Handsome film musical based on Molnar's play Liliom, with a memorable Rodgers and Hammerstein score. The cast sings and dances beautifully all the way throughout. The show is lively and full of energy. The photography in the film is also stunning, as is the use of color. Features the classic song "You'll Never Walk Alone."
*** This review may contain spoilers ***
"Carousel" is an adaptation of the 1945 Rodgers and Hammerstein musical
which, in turn, was based on a play by the Hungarian author Ferenc
Molnár. It transfers the action from Hungary to a small town on the
coast of Maine. The actual carousel of the title only plays a
relatively small role in the film, although at the beginning Billy
Bigelow, one of the two main characters, is working as a barker at the
local funfair. The other main character is Billy's girlfriend, and
later wife, Julie Jordan, a mill worker.
The story of Billy and Julie is told within the framework of a supernatural fantasy reminiscent of "Heaven Can Wait" or "It's a Wonderful Life". The film opens with a scene showing Billy in Heaven. Or is it Purgatory? At any rate, it is somewhere quite different from traditional Christian visions of the afterlife, a place of neither heavenly bliss nor hellish torment, a place where Billy's main occupation is polishing stars and where he has to report to the "starkeeper", a being who seems less like a god or an angel than a supernatural version of a factory foreman. It is to this being that Billy tells the story of his life and of how he died. It transpires that Julie was pregnant with their first child and that Billy, being unemployed at the time and worried about not having enough money to provide for the child, allowed himself to be talked into joining a no-good friend in a robbery. Unfortunately, the robbery was bungled and Billy was killed when he accidentally fell on his knife while attempting to escape. The final scenes are set fifteen years later when Billy is allowed to return to earth to help his daughter Louise, who he fears is also going off the rails.
Musically the film is a very good one. It contains some of Rodgers and Hammerstein's most beautiful music; the two numbers which really stood out for me were the opening "Carousel Waltz" and that wonderful song "If I Loved You". I might also include "You'll Never Walk Alone", although this song has been rather devalued, at least in Britain, by its constant use as a football anthem, especially by supporters of Liverpool FC. "June Is Busting Out All Over" is also notable, less for the music than for the energetic ensemble dance sequence which accompanies it, comparable to the similar sequence in "Seven Brides for Seven Brothers".
Dramatically, however, "Carousel" is not so good. Part of the fault lies with the casting. The two leads Gordon MacRae and Shirley Jones (who also starred together in another R&H musical, "Oklahoma") both have fine voices, but on the basis of this film neither was a particularly accomplished actor, at least as far as the spoken word is concerned. Although MacRae was able to convey emotions and feelings well though music, as in his "Soliloquy", in his spoken scenes he comes across as too wooden. Shirley Jones makes Julie seem a rather weak character who does little to dispel the impression that she is a doormat unable to stand up to her bullying husband. The original idea was to cast Frank Sinatra as Billy and Judy Garland as Julie, but Sinatra withdrew after a disagreement with the producers and Garland's appearance never materialised. Both Sinatra and Garland could act as well as sing, and I can't help wondering how the film might have turned out with them in the leading roles.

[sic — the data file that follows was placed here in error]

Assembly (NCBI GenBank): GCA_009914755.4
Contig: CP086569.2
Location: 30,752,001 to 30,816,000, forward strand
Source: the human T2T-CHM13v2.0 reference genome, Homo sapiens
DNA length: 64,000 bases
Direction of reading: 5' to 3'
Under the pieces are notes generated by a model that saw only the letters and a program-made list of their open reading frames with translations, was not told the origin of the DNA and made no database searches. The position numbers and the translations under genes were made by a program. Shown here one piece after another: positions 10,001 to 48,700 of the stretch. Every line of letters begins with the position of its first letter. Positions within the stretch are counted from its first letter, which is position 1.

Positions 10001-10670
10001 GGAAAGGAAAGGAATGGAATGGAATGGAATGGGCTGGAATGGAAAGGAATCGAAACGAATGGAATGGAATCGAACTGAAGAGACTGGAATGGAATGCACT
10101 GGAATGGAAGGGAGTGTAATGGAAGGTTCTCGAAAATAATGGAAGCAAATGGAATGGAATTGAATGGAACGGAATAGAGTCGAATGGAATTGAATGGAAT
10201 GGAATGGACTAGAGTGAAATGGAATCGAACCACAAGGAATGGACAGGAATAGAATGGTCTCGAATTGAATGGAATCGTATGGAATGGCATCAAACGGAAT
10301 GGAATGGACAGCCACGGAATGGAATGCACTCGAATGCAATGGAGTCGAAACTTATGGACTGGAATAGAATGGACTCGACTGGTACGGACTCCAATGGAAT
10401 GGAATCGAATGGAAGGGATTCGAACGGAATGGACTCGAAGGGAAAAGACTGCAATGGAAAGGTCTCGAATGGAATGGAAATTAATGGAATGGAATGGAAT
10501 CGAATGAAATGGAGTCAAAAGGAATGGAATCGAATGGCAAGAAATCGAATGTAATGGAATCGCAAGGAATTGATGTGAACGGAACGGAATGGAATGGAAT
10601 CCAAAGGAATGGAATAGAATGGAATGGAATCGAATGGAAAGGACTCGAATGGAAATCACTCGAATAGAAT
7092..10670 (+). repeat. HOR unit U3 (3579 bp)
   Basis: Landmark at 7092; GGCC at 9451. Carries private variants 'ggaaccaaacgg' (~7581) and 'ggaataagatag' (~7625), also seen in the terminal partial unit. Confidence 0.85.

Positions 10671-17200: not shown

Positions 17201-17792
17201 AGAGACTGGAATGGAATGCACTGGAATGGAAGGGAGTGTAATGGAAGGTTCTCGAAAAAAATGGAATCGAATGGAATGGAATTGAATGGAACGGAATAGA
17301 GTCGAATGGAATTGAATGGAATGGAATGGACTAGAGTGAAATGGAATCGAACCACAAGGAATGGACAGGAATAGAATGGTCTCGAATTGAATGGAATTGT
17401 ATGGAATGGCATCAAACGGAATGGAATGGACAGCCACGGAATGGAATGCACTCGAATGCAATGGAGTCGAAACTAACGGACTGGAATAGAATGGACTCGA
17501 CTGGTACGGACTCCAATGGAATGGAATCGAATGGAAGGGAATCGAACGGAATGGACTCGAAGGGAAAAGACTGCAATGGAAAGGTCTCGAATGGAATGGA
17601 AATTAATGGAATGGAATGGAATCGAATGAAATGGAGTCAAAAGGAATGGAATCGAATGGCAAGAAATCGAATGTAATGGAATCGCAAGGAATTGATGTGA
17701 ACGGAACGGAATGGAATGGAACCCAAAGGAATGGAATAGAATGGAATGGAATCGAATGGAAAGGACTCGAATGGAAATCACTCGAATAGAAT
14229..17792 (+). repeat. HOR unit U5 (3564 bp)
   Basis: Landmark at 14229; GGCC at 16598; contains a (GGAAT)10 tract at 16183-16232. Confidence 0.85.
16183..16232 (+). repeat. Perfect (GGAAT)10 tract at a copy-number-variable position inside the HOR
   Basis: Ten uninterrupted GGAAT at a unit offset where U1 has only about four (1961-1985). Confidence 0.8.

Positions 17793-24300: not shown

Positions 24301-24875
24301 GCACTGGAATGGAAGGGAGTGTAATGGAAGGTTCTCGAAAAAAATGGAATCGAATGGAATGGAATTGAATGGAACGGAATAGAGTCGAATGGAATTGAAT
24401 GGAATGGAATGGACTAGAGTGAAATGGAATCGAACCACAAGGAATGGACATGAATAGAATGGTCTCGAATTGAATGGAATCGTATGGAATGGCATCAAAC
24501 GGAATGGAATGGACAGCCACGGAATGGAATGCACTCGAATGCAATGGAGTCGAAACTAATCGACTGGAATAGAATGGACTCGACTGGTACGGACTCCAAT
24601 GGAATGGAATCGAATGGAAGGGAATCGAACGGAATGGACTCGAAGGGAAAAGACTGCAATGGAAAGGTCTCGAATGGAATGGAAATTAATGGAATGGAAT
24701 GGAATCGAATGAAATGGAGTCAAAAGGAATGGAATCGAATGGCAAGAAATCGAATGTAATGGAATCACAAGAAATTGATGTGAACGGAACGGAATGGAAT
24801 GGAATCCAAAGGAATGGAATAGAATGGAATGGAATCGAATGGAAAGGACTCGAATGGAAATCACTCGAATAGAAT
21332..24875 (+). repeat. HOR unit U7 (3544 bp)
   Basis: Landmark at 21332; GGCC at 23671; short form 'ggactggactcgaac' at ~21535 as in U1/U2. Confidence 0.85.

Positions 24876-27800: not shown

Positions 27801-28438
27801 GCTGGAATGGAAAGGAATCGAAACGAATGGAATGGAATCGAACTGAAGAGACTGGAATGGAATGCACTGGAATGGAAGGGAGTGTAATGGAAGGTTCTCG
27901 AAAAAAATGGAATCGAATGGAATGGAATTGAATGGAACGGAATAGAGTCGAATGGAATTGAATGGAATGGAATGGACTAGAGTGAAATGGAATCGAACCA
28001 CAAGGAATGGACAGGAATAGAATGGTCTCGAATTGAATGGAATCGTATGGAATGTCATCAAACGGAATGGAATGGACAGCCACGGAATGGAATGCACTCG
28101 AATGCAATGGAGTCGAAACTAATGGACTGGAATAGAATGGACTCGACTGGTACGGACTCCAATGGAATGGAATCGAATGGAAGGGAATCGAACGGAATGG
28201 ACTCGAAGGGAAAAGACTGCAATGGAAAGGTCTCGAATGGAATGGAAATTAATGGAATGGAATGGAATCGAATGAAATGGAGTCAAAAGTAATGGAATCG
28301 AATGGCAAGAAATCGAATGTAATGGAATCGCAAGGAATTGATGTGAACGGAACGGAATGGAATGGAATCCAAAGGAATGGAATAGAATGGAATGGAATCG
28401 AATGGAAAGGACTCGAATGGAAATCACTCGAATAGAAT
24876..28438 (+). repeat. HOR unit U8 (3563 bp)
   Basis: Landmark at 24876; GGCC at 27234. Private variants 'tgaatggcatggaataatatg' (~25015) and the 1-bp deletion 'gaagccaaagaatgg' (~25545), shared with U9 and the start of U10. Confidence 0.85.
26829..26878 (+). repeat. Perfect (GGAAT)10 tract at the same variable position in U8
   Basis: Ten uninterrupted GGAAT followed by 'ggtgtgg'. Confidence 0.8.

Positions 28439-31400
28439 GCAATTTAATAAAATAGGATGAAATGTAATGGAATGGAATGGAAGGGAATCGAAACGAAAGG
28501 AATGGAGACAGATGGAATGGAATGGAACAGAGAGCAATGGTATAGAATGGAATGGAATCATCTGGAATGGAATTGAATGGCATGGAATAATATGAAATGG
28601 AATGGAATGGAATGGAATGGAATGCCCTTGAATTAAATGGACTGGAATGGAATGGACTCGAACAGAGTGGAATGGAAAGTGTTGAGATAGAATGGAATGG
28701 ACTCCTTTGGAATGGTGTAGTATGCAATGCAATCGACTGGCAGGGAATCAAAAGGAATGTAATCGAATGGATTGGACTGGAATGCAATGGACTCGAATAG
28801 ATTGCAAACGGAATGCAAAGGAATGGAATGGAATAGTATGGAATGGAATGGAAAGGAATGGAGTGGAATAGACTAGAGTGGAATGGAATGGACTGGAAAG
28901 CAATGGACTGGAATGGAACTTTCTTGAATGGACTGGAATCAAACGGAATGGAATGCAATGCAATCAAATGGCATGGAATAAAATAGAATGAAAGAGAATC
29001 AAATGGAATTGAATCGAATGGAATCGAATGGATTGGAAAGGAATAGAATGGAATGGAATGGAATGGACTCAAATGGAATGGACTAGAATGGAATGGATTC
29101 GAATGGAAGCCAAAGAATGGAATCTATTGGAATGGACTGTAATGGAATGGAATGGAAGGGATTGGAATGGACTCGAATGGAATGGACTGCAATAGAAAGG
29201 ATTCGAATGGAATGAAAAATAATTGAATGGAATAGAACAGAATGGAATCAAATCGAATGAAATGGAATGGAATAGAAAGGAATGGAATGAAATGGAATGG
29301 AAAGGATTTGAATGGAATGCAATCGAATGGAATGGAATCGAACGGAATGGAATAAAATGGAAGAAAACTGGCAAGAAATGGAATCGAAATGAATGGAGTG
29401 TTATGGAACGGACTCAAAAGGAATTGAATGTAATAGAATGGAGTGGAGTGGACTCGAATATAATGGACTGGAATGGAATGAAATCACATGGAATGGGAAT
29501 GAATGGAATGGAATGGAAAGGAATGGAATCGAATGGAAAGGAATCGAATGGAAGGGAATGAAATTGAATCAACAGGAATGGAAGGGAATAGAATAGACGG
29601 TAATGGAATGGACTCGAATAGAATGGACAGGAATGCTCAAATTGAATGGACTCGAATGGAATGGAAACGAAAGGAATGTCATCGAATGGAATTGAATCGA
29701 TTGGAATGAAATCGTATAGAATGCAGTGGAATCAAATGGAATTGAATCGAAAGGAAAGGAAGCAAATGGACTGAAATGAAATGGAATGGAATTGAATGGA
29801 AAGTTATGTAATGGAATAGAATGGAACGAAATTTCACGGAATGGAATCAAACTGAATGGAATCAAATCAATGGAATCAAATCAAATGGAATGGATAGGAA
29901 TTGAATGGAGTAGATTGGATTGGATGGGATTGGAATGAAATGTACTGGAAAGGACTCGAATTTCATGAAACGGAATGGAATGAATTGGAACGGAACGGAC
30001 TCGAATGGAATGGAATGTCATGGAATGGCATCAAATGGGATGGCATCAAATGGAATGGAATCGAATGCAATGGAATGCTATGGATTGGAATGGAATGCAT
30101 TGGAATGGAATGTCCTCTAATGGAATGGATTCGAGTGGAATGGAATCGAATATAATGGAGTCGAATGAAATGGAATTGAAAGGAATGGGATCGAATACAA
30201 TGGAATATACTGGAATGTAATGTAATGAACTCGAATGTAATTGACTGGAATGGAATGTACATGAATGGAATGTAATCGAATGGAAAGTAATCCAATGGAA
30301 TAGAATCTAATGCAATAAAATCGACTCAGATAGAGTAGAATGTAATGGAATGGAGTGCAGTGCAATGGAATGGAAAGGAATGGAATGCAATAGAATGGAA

The film, however, also suffers from a more fundamental dramatic flaw. Billy is not so much a hero as an anti-hero; arrogant, idle, shiftless and easily manipulated, especially by his dishonest friend Jigger Craigin. After he loses his job at the funfair he is unemployed, but not because there is no work to be had. He quite literally turns up his nose at an offer of a job on a fishing boat because he thinks that fishermen smell, and prefers to live off Julie's earnings. About his only redeeming feature is his love for Julie, but even this is suspect (we learn that he has beaten her).
This is far from being the only musical with a serious storyline. Rodgers and Hammerstein had also written "South Pacific" about racial prejudice, and Hammerstein had produced "Show Boat" on the same subject with Jerome Kern. Bernstein and Sondheim had covered juvenile delinquency in "West Side Story". All of those films, however, were centred upon sympathetic characters with whom audiences could identify; identifying with Billy seems much more problematic. It was a brave decision on Oscar Hammerstein's part to write a musical centred on an anti-hero. I cannot say how well that decision succeeds in the theatre, as I have never seen a stage production of the show, nor how well it might have succeeded in the cinema with a different actor in the leading role. All I can say is that it does not work well in this particular film.
"Carousel" was praised by many critics, but did not do well at the box office, even though musicals were very popular during this period. It was the only film of an R&H musical, other than the 1962 remake of "State Fair" which was not nominated for a single Academy award. It may be that its tragic theme may have alienated those cinema goers who looked to musicals to provide escapist entertainment, but perhaps the true explanation is that despite some great music this is not a great film. 7/10
|Page 4 of 8:||       |
|Plot summary||Plot synopsis||Ratings|
|Awards||Newsgroup reviews||External reviews|
|Parents Guide||Plot keywords||Main details|
|Your user reviews||Your vote history|